About a month after Evansville got the heartbreaking news the National High School Mock Trial Championship would not be coming in May 2020 because of the coronavirus pandemic, the city and legal profession were told not to roll up the welcome mat just yet.
The Indiana Bar Foundation announced Monday the schedule for the national competition had been adjusted to allow Evansville to host the event in May 2021, a year later than originally planned. Working with the National High School Mock Trial Competition Board of Directors and the states of Michigan and Arkansas, the bar foundation was able to get the two states to delay their own plans to host the national event in 2021 and 2022, respectively, so Evansville could move into next year’s slot.
“Fortunately, the goodwill of everybody involved helped make it happen,” said Charles Dunlap, executive director of the bar foundation. “We owe a debt of gratitude to Arkansas and Michigan.”
The national mock trial event pits high school teams against one another in a courtroom competition with the students filling the roles of the lawyers and witnesses. Usually attorney volunteers to preside over the hearing as the courtroom judge and a panel of attorneys rate the teams on their performances.
Evansville is one of the smallest cities to ever host the national contest, but the enthusiasm of the legal profession and the city provided the extra boost to make the event memorable. Evidence of the excitement around having the event in southern Indiana is shown by the fundraising that exceeded the $250,000 goal.
However, when COVID-19 began spreading across the country and other states began cancelling their regional mock trial competitions in order to keep students safe and healthy, Dunlap said the bar foundation realized it could not wait to make a decision. Shortly after the 2020 national finals were scrubbed, the bar foundation began reaching out to see what the options were for getting Evansville back in the mix.
Michigan was scheduled to host the national competition next year and Arkansas was scheduled the year after. Dunlap said the states were willing to help Indiana, but a key was getting their hotels to agree to push the booking back a year.
Dunlap praised Michigan and Arkansas as “excellent partners” and noted the national board along with the partners in Evansville including the city, the convention and visitors bureau and hotels stuck with the bar foundation to make the 2021 date possible.
Now, the national competition is scheduled to arrive in Evansville from May 13-15, 2021. Nearly 1,000 visitors, including students, parents and teachers, are expected to arrive in the southwestern Indiana city from across the United States, as well as from South Korea, Guam and the Northern Mariana Islands.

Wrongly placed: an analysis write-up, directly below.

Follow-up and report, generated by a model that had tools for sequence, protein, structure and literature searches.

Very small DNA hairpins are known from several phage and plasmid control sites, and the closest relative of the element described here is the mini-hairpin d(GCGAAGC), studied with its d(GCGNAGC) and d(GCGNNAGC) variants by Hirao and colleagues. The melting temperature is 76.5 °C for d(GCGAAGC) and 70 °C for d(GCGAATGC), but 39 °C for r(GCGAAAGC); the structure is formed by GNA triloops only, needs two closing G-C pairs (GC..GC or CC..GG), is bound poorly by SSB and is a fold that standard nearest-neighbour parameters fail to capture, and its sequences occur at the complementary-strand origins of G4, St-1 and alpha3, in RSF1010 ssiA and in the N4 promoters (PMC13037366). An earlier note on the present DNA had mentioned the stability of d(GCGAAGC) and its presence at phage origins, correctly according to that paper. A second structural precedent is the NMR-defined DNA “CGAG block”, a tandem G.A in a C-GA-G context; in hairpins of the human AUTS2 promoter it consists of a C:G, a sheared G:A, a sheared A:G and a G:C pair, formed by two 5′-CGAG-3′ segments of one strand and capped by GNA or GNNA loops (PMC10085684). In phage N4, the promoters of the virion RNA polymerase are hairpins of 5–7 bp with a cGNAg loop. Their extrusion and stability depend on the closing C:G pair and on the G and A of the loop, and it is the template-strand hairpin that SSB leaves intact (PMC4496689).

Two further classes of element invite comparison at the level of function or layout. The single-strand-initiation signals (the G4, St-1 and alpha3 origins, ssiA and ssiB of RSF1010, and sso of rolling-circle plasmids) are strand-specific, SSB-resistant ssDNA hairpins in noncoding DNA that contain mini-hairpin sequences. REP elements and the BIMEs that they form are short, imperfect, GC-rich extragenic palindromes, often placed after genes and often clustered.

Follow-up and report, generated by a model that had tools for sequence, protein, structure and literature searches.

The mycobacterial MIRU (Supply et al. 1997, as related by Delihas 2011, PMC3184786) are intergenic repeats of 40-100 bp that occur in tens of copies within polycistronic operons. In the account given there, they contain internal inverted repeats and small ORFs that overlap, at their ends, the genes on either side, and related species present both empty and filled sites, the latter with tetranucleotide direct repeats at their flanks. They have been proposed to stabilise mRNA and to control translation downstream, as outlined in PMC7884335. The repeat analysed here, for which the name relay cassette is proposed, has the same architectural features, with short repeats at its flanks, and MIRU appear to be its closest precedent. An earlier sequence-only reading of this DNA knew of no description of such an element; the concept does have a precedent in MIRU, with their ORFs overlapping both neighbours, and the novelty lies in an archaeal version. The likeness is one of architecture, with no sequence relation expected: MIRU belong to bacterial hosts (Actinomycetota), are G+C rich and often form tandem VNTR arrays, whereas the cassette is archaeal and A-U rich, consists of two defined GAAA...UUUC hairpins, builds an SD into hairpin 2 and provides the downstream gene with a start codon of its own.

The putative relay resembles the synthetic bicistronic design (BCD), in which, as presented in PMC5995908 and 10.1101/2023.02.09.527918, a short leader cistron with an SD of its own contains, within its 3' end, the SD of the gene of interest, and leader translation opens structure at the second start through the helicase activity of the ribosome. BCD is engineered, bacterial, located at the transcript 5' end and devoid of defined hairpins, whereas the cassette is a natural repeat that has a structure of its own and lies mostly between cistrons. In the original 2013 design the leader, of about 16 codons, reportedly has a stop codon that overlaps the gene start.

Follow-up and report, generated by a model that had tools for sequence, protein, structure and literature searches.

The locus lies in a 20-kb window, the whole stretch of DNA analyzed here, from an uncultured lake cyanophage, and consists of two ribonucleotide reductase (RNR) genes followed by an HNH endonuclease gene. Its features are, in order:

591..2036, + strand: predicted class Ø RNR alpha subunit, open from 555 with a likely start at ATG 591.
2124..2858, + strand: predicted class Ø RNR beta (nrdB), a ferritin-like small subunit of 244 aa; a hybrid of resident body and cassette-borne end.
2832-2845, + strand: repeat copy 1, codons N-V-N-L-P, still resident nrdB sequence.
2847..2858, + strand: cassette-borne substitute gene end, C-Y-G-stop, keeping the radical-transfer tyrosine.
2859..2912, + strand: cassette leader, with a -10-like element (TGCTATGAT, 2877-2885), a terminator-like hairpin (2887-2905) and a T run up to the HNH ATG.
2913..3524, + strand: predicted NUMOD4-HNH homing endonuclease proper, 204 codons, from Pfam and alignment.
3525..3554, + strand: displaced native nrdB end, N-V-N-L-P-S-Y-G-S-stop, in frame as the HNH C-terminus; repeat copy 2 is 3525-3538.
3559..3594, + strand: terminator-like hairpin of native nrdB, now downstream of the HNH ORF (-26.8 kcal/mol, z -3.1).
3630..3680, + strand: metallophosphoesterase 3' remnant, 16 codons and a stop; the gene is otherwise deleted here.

At a virtual press conference announcing the new date, Indiana Supreme Court Justice Steven David gave kudos to the individuals who played a role in getting the competition to Evansville next year. “It’s a testament to Indiana’s reputation nationally to get this done,” he said.
David and Southern Indiana District Court Judge Richard Young have been and will continue to be co-chairs of the Evansville national mock trial championship.
Dunlap also highlighted the work of the legal community to make the event in Evansville a success. “We have been incredibly fortunate to have such great partnerships with the bar association, the court and volunteers,” he said.
Scott Wylie, who was part of the original effort to get the national competition to Evansville and has long championed the city, said the cancelation was “very devastating.” The planning was nearing the final stages with the various committees double-checking hotel rooms, enlisting photographers to take photos of the students and getting caps from Bosse Field, the city’s historic baseball stadium, to give as souvenirs to all the participants.
He said getting the mock trial championships to his hometown is “one of the proudest achievements of my career” and to have the city on schedule to host it in 2021 “is a very happy thing.”
The donors and sponsors as well as the volunteers who pledged their money and time will be asked to continue their commitment for a year. But Wylie and Dunlap are confident the level of support can be maintained.
Dunlap said none of the contributors have pulled their donations, but the bar foundation is looking to give some added value, possibly some recognition at next year’s regional mock trial competition in Indiana, to the donors and sponsors. Also, Wylie said so far those attorneys and judges who have volunteered are planning to help in 2021.
“We’re excited and pleased they are staying with us,” Dunlap said.